Law School Case Brief
Consumer Fin. Prot. Bureau v. Seila Law LLC - 923 F.3d 680 (9th Cir. 2019)
Judicial precedent indicates that the for-cause removal restriction protecting the Consumer Financial Protection Bureau's director does not impede the President's ability to perform his constitutional duty to ensure that the laws are faithfully executed.
Petitioner Consumer Financial Protection Bureau ("CFPB") initiated an investigation of respondent Seila Law LLC, a law firm that provided a wide range of legal services to its clients, including debt-relief services. The CFPB sought to determine whether Seila Law violated the Telemarketing Sales Rule, 16 C.F.R. pt. 310, in the course of providing debt-relief services to consumers. As part of its investigation, the CFPB issued a civil investigative demand ("CID") to Seila Law that required the firm to respond to seven interrogatories and four requests for documents. After Seila Law refused to comply with the CID, the CFPB filed a petition in federal district court to enforce compliance. The district court granted the petition and ordered Seila Law to comply with the CID, subject to one modification that the CFPB did not contest. Seila Law appealed, arguing that the CFPB was unconstitutionally structured, thereby rendering the CID unlawful. Specifically, Seila Law argued that the CFPB's structure violated the Constitution's separation of powers because it was headed by a single director who exercised substantial executive power but could be removed by the President only for cause. Seila Law also argued that the CFPB lacked statutory authority to issue the CID.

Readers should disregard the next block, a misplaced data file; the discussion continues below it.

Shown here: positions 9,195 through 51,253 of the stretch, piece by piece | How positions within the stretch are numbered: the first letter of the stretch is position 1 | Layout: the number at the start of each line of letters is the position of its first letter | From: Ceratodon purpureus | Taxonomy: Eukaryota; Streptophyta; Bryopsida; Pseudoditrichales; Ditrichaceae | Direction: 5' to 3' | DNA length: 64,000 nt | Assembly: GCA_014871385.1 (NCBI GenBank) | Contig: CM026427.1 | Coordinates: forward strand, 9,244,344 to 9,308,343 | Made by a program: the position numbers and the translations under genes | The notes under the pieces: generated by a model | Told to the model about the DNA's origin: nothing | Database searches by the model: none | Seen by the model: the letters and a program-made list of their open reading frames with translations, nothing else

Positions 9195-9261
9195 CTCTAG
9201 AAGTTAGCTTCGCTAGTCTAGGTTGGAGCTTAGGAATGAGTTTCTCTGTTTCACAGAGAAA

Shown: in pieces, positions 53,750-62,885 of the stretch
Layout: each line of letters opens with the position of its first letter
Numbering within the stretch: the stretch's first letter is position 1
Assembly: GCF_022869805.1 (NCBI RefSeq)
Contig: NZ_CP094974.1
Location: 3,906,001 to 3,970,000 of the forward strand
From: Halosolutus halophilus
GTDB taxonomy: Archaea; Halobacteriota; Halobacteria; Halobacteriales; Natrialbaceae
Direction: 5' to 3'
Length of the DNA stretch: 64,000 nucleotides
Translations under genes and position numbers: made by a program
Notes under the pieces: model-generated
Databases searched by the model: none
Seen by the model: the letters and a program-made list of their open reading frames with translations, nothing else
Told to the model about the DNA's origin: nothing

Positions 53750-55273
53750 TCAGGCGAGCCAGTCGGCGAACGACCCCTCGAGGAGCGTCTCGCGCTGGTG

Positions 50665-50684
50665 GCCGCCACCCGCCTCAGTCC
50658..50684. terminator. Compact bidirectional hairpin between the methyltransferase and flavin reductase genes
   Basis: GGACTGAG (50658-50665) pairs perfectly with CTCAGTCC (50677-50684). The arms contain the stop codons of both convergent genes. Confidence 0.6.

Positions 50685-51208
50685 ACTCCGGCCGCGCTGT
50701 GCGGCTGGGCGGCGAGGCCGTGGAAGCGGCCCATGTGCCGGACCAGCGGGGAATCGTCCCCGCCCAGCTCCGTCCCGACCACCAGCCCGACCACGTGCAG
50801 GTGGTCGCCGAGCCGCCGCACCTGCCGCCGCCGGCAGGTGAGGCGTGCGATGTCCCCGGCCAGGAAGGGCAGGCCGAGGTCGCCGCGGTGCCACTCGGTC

Was the CFPB unconstitutionally structured, thereby rendering its CID unlawful?
The court of appeals affirmed the district court's order that granted the CFPB's petition to enforce Seila Law LLC's compliance with the CID. The court rejected the argument that the CFPB was unconstitutionally structured, thereby rendering its CID unlawful, as controlling precedent indicated that the for-cause removal restriction protecting the CFPB's director did not impede the President's ability to perform his constitutional duty to ensure faithful execution of the laws. In addition, the court ruled that CID did not violate 12 U.S.C.S. § 5517(e)(1) because § 5517(e)(3) empowered the CFPB to enforce the Telemarketing Sales Rule, 16 C.F.R. pt. 310, which did not exempt attorneys from its coverage even when engaged in providing legal services. Finally, the court ruled, the CID did not violate 12 U.S.C.S. § 5562(c)(2) as it identified the allegedly illegal conduct under investigation and the provision of law applicable to the alleged violation, which put Seila Law on notice.
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